The fight against Female Genital Mutilation (FGM) is gaining momentum as recent reports revealed that no girl child was subjected to circumcision during the March-April holiday.
A follow-up engagement between the cross border Anti-FGM stakeholders from Kenya and Tanzania highlighted that measures put in place to curb the vice have borne fruits.
In the first meeting which was held in Kenya in late January this year, the forum-based discussion was aimed at addressing the urgent unexpected surge of FGM in the March-April circumcision season.
The engagement also saw journalists and activists from both ends coming up with strategies on how to curb the FGM along the border as well as finding both short and long time solutions to the vice.
In the same forum, it was anticipated that mapping the suspected FGM zones, especially during the March-April circumcision season will be a major milestone to identify FGM perpetrators and suspected FGM homes in advance.
Previous statistics from the Department of Gender in Migori County showed that a total of 50 girls were circumcised with over 200 being rescued during the December 2021 circumcision.
This raised the fear that the number might be high in April, as some of the girls were sneaked across the border for the cut while at the same time some fled after the cut for fear of being arrested.
In a recent follow-up meeting held in Tarime Tanzania on May 26 and 27, the revelations showed that earlier stipulated April cutting did not take place.
This was a result of strict adherence to the outlaid strategies to curb the vice during the March-April season.
Among success strategies used by both countries in curbing April-March cutting include mobilising the community and enlightening them against FGM activities.
In addition, the community was educated on strict adherence to Anti-FGM laws which prohibit carrying out the activity within the borders of the countries.
This was in line with the Prohibition of Female Genital Mutilation Act, 2011 (FGM Act, 2011), which came into effect on 4 October 2011.
For instance, since the interception of the FGM Act (FGM Act, 2011), the zeal to work together between Kenya and Tanzania journalists and activists has intensified and results are being seen.
The recent engagement revealed that there has always been a problem of the FGM culprits running away to either side if cornered.
However, the continued collaboration between the two countries has since ensured reduced movement of culprits between the two countries.
Despite the March-April success, Tanzania Association on Termination of FGM official Mr. Valerian Mugali stated his fears that this year a total of 1000 girls still face the risk of being cut in Tanzania during the December season.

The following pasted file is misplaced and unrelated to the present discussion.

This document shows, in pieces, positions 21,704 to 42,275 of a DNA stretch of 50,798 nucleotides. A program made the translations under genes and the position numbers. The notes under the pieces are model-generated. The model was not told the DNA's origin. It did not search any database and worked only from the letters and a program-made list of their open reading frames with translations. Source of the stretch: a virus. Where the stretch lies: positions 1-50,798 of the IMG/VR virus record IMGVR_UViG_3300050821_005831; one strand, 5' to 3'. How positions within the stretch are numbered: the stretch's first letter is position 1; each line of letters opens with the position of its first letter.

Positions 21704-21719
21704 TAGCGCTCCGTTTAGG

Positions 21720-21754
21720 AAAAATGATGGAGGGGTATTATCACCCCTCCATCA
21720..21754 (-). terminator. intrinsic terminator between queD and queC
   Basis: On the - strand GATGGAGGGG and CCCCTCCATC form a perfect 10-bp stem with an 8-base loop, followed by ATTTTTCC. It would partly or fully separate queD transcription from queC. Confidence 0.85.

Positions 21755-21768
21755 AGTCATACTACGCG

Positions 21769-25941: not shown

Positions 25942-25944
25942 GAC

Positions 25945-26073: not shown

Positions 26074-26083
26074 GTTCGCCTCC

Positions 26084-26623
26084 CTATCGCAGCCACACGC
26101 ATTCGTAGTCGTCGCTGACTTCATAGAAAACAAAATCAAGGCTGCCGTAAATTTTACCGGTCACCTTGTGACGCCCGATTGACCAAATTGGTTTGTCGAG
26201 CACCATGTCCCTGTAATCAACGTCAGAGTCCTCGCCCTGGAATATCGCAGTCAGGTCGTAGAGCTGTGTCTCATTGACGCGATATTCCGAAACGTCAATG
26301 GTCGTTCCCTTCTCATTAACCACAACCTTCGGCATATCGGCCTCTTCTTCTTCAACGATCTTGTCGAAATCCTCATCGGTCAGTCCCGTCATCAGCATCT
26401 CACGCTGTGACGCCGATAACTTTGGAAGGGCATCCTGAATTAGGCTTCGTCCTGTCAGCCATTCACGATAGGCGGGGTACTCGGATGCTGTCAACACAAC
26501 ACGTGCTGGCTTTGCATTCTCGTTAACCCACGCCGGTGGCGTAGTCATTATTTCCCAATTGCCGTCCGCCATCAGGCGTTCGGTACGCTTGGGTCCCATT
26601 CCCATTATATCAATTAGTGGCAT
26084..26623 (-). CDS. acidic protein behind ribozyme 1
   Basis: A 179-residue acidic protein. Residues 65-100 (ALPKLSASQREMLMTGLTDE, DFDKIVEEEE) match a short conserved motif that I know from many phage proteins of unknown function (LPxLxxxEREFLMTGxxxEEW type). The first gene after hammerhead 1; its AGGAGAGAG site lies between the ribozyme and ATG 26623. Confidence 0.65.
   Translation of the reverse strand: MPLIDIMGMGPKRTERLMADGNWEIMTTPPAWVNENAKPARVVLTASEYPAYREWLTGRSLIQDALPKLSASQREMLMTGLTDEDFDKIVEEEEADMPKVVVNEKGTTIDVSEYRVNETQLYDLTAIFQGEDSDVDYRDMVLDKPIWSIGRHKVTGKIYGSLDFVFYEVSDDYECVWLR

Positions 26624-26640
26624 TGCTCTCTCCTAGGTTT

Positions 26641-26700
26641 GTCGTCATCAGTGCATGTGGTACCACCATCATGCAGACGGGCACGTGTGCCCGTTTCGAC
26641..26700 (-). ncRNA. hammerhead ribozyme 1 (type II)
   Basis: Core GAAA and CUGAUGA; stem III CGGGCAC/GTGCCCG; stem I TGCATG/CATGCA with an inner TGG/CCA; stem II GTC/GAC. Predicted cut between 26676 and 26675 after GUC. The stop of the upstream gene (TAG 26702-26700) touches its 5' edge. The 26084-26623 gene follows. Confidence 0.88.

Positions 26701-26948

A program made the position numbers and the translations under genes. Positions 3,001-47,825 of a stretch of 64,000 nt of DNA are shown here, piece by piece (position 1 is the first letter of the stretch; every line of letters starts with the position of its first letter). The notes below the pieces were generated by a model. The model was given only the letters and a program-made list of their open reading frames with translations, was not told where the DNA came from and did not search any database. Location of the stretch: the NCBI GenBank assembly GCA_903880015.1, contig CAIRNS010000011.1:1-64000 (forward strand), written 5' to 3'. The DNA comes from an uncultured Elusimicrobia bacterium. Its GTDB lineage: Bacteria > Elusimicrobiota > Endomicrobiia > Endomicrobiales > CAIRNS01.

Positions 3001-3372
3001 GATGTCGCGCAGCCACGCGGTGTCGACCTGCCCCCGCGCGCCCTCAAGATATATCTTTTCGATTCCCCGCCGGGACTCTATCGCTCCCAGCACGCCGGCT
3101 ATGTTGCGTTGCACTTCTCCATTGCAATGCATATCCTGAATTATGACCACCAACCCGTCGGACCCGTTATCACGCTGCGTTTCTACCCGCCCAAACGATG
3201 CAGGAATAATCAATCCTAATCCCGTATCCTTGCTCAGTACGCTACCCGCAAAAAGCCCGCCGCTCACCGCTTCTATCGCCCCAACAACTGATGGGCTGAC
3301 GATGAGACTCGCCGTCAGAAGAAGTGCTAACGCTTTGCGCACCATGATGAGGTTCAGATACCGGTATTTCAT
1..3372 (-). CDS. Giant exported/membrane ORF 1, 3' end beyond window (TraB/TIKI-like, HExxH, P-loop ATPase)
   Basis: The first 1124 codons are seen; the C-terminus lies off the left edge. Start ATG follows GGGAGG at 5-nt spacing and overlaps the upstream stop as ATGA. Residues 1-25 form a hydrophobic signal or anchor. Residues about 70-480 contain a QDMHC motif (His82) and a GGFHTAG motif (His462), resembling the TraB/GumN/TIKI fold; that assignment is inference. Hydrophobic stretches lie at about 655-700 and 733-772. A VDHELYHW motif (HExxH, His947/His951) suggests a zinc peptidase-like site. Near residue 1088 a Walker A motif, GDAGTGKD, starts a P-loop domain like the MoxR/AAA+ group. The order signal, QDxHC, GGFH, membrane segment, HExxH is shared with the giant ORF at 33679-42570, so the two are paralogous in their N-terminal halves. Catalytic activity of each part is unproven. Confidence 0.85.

“In as much as we made a milestone in April, a thousand girls are still staring at the risk of facing the cut in December 2022. Although 400 of the quoted girls being in a rescued position, the remaining 600 are still exposed to greater risk,” decried Mugali.
To help zero down the vice completely, the FGM cross border strategies that the forum discussed need further strengthening and mapping.
There were calls for clear coordination which included funding the media to highlight the vice and finding ways and means of confronting the transformational and camouflaged tricks used by perpetrators to beat the laws on FGM
Such new strategies used by the pro-FGM team included practising circumcision at night, dressing the girls as boys and threats directed to community-based organisations (CBOs) and individual informers helping in the war against the vice.
During the two-day engagement, a unanimous decision was arrived at by both countries’ representative stakeholders especially on the urgency by journalists to stir up highlighting the cases on mainstream media.
As a result, a special cross border Anti-FGM journalist from both countries is set to be unveiled before December this year so as to enhance tracking of the cases while highlighting early occurrences.
Similarly, on the taskforce team, the Kenyan law enforcers led by Kuria West Sub County Police Commander Mr. Kimaiyo, received praises from their Tanzanian counterparts for his continued teamwork.
The collaboration between the two forces has since sent quite a good number of perpetrators into hiding as their movements are continuously under watch.
A national toll-free line number 116 was also unveiled to help members of the public in reporting any FGM cases within the hot zone areas.
Although, the number is not limited to FGM only but also to any instance of child in danger.
By Polycarp Ochieng and George Agimba